I like Shuana Niequist’s writing. Yes, it is very female focused, but men should read more things focused on women. Yes, there are a lot of similar themes of change and finding yourself from book to book, but we are continually changing and finding ourselves throughout life. Yes, I can’t completely comprehend her life of food and family and vacations and friends, but that doesn’t mean I can’t get the points. In the end, Shauna Niequist’s voice is an important voice that continually reminds us of the need for spiritual, emotional and physical health in a world that wants to push us toward giving everything for a goal.
Niequist has a clear heart to follow Jesus. She thinks about the normal stuff of life as an example of the harder things of life. She is a good illustration that simply growing up in the church does not make one comfortable with faith. She is also a good illustration of the problem of telling people, not only can you do anything you put your mind to, but you should do everything that you can put your mind to.
One of the important trends in evangelical theology that seems to keep being brought out is a real worked out theology of human limitations. It may be one of the most important things that the church needs to be illustrating through out discipleship and evangelism. I think people naturally come to understand limitations as they age. But it is amazing to me how often I read or hear something like, ‘I can do all things through Christ who strengthens me’ be spoken about as if the second phrase were not the primarily emphasis.
Present over Perfect: Leaving Behind Frantic for a Simpler, More Soulful Way of Living is pretty similar to both Bread and Wine and Savor but she seems to feel like there was something fundamentally different about the life that she was living when she wrote those books. As a reader, the calls to slow down and focus on family and the important things seem to be much the same, or at least very similar.
As I read this, I thought of several friends that I think would like this book. And several that need to put into practice the call in this book to say no to the many things, even really good things, in order to say yes to the more important things. I need to hear that message over and over and over again, especially as a parent of young children. However, as much as the general message is important (and I think it is), there were two nagging problems in the back of my head throughout the book.
First, this is a very privileged response to the world. Don’t hear me wrong. Privilege is not a bad word. It is a real word that designates that some people, while not necessarily having an easier life, have a life with more choices than others. When Niequist says she is turning down jobs in order to focus on her family, she is also saying that she has both the job offer and the ability to turn it down. Not everyone has that option.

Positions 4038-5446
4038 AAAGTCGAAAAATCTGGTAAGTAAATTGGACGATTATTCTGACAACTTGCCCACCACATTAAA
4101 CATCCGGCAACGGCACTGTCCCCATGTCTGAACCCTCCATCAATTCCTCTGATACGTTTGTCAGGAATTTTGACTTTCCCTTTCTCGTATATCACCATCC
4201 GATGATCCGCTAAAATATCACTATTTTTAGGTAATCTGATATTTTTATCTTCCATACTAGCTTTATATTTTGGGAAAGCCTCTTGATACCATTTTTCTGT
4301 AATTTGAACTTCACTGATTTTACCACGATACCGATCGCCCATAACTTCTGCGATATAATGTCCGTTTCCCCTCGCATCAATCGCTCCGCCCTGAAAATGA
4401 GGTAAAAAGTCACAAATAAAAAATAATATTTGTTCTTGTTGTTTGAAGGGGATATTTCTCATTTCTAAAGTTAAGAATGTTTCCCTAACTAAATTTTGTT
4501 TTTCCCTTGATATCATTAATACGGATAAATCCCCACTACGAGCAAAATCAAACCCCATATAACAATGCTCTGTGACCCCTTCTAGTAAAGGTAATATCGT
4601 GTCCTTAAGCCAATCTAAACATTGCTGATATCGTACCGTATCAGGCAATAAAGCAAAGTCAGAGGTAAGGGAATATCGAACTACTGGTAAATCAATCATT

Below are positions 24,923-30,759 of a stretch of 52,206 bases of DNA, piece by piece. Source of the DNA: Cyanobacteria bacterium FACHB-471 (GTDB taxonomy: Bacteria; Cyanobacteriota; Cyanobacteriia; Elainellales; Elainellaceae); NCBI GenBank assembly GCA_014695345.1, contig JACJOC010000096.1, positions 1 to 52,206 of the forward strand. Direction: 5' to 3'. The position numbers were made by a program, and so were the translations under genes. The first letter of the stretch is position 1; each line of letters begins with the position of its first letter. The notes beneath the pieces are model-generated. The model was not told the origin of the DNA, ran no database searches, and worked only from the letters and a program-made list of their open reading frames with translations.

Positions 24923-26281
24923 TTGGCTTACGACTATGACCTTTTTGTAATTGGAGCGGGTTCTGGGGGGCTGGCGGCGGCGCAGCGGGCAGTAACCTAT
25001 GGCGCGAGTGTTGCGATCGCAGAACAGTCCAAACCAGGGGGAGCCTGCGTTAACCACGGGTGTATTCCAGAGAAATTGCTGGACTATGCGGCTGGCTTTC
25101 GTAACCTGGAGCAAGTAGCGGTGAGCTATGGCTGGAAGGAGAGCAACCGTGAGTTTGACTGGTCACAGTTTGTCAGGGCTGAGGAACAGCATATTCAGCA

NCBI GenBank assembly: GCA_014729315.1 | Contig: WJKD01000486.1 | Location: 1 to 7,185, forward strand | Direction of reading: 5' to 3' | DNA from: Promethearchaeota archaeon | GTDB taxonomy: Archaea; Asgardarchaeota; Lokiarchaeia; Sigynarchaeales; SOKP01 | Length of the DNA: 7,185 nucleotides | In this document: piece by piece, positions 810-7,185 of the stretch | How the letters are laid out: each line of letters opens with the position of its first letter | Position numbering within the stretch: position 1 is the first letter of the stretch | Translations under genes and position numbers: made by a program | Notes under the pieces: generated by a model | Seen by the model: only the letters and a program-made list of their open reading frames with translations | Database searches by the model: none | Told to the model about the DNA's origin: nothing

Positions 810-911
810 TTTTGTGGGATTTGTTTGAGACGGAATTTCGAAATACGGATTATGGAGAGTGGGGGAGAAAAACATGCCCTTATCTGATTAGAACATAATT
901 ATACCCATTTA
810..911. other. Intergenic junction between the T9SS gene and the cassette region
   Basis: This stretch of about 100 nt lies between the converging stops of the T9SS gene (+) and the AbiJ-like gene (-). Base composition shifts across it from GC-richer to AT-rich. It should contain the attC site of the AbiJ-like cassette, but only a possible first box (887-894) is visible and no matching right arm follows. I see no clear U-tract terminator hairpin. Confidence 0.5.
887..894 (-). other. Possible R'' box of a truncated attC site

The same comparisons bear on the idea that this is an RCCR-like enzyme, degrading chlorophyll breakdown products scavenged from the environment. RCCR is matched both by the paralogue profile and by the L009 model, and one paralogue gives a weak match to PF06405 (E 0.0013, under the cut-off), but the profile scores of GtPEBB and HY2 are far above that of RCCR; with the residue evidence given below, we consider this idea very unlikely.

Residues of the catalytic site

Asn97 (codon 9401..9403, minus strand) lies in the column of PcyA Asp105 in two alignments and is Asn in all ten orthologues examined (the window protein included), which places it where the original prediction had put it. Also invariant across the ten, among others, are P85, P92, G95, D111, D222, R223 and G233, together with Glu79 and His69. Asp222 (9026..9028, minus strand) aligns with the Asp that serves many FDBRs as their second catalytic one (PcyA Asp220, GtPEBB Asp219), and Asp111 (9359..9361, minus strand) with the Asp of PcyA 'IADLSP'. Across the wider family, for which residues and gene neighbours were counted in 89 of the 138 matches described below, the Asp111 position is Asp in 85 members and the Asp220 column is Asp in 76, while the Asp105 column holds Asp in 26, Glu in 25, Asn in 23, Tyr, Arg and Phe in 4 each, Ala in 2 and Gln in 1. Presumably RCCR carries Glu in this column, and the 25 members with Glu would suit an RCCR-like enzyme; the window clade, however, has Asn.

That is not to say that Niequist should not talk about the importance of being intentional about how she is living just because she is privileged to have opportunities. The church needs to be speaking to people with and without opportunities. But I do wish there was some more acknowledgement of the privilege. Because one of the problems that often comes with privilege is the lack of awareness of the privilege. Will the increased focus on slowing down and being intentional about life and rejecting the traditional model of success be a message that only gets told to those that are already privileged?
The second problem that was nagging in the back of my head is that while most of this book is about saying no, because that is the place where she feels like she is, and where she feels like the reader probably is, there is less focus on how to discern what to say yes to. The positive case for Christian discipleship as a method of being a healthy and whole person requires understanding our purpose. It is too easy to say ‘God has a wonderful plan for your life’ if you there is not a way to measure whether the wonderful plan that we think God has for us is actually what God has for us. It is clear that Niequist is doing the hard work in the background (spiritual director, counselor, submitting her ideas and plans to friends and family and church community.) Maybe the mentioning of all of those things are good enough to illustrate that life is complicated and it is easy to take different paths.
But it seems to me that while I do think God has created us with particular gifts and skills and personalities, it is very easy to think that insular is what God intends. Suburban life is insular. We don’t see people that are unlike us, unless we look for them and seek them out. Our schools, churches and social organizations tend toward similar not different. So being present in life has to also mean being present in the full diversity of life. Not focusing on every problem that comes up. Not being martyrs or white saviors. Not ignoring the needs of our families. But actively seeking out difference because is it part of our actual communities and should be part of our actual churches and it is part of how we actually grow spiritually.
I do think Niequist is worth reading. Especially the last chapter where where she sums up what she has been learning really is worth reading. But I also think that we also need to be reading other voices that nuance our call toward simplicity in a slightly different mode.
Present Over Perfect: Leaving Behind Frantic for a Simpler, More Soulful Way of Living by Shauna Niequist Purchase Links: Paperback, Kindle Edition, Audible.com Audiobook